Museum at Prairiefire
by Mary Kay Fosnacht
Overland Park, KS
24” x 24” (61 x 61 cm)
Prairie fires have been an annual spring ritual in east-central Kansas for hundreds of years beginning with Native Americans. The fires are deliberately set to prevent uncontrolled outbreaks from lightning or accidental human factors. Prairie fires play an important role in maintaining the health of the ecosystem by removing dead vegetation, promoting new growth and controlling invasive species.
The Museum at Prairiefire was designed by Verner Johnson, Inc. (Boston) and was conceived by developer Merrill Companies, Inc. The museum is an educational and cultural attraction in Overland Park, KS that features immersive and interactive experiences in the areas of natural history, arts and science for visitors. The building was designed specifically for the region and in particular to evoke the idea of prairie fires.
The dichroic glass was developed specifically for this project and is the first known application of its kind in North America. The glass changes in color depending on the viewing angle, both horizontally and vertically. Four different base colors were used in three different finishes to achieve a gradient flame effect, from blue-purple at the base, through reds, to gold hues at the top. Over 10,000 individual panels were used to create the walls.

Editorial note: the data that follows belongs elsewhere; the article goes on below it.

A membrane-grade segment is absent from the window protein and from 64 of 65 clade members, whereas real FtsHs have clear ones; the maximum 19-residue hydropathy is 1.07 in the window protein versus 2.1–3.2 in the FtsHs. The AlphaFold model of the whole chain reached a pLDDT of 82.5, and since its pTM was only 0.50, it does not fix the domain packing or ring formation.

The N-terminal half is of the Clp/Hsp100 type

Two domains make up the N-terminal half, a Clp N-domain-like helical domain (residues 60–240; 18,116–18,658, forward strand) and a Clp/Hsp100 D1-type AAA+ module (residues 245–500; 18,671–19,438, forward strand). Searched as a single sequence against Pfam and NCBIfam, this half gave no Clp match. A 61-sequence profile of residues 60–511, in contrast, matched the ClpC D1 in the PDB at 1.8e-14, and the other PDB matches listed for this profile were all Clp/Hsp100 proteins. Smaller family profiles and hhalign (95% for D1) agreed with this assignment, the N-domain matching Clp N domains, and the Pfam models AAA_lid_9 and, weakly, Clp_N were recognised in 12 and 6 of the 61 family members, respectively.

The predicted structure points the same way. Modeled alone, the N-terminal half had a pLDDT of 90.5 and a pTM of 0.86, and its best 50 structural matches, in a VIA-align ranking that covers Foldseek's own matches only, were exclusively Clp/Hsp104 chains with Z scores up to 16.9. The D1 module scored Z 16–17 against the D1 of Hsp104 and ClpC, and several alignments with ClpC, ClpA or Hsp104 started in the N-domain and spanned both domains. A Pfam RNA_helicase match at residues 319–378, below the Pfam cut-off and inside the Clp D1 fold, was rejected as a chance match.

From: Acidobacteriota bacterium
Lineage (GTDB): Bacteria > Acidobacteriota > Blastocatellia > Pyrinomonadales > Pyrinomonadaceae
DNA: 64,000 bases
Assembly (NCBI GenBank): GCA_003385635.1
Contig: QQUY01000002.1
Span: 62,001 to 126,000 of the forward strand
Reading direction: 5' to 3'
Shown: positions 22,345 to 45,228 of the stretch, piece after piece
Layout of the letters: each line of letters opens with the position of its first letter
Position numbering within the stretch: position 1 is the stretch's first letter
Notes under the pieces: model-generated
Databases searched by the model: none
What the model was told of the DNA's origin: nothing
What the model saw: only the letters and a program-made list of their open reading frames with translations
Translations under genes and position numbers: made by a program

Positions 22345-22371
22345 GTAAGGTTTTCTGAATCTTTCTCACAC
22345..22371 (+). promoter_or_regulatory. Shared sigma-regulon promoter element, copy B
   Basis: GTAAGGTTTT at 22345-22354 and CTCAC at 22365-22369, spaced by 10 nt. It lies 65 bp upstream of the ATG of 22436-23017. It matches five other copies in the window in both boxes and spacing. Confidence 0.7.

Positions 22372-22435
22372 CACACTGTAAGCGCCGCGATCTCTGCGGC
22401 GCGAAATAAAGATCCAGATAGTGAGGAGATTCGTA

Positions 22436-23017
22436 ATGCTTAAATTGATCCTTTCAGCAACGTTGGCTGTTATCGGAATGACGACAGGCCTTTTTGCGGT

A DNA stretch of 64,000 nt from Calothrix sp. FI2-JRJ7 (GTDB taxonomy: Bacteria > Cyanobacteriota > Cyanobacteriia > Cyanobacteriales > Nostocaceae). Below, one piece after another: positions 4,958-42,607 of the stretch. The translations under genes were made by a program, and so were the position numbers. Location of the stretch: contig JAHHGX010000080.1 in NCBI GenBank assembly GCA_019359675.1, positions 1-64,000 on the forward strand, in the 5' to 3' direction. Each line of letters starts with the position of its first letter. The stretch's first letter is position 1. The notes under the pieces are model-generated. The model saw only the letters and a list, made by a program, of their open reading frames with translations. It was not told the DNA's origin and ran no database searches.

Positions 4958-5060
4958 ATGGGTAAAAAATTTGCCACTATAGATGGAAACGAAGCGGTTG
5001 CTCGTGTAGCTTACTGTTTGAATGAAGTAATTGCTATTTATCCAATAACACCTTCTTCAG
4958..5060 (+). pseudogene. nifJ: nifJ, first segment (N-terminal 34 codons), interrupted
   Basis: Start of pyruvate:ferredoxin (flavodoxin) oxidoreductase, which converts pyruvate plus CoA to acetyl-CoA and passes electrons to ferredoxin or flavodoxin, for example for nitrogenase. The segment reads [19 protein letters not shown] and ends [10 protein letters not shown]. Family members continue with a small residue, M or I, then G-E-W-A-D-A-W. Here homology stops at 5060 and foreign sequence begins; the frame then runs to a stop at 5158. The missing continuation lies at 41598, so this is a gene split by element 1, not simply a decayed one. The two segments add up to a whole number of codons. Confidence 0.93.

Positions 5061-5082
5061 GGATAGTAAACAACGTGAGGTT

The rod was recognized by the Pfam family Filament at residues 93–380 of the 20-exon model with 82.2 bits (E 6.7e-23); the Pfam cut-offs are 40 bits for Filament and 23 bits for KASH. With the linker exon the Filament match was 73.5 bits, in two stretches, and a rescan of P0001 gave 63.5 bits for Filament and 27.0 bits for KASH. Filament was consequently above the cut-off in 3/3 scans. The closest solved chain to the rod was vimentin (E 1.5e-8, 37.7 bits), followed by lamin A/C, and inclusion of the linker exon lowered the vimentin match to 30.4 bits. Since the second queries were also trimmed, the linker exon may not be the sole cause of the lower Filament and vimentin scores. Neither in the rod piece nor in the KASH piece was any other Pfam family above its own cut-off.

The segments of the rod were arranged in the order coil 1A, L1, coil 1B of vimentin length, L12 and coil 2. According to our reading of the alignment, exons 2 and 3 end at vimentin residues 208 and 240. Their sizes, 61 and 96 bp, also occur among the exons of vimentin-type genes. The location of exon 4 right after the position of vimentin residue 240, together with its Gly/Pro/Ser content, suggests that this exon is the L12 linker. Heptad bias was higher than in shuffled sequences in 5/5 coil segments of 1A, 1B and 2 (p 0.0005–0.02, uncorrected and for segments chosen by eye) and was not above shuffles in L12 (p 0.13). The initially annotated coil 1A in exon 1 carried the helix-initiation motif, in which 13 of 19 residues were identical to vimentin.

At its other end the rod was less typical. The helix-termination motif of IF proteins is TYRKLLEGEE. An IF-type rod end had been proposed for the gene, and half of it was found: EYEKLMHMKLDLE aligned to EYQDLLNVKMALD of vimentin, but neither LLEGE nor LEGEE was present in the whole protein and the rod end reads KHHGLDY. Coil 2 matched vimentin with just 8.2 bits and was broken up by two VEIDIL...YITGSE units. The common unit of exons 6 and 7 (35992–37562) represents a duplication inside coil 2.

More about the building can be found HERE.
My original photo:
Freezer paper patterns of the large sections were copied onto black fabric, which was the base layer, to fuse the smaller pieces on top of. I worked at my ironing board with a ruler to line up the small pieces in rows using the photo as a guide for color placement.
Full size pattern: (made in Photoshop from the original photo using the “find lines” filter.
The small pieces are approximately ¼” wide by ¾ ” long.
The edges were zig-zag stitched with monofilament thread.
Materials and technique:
Cotton fabric, Raw-edge appliqué, Cotton batting
Mary Kay Fosnacht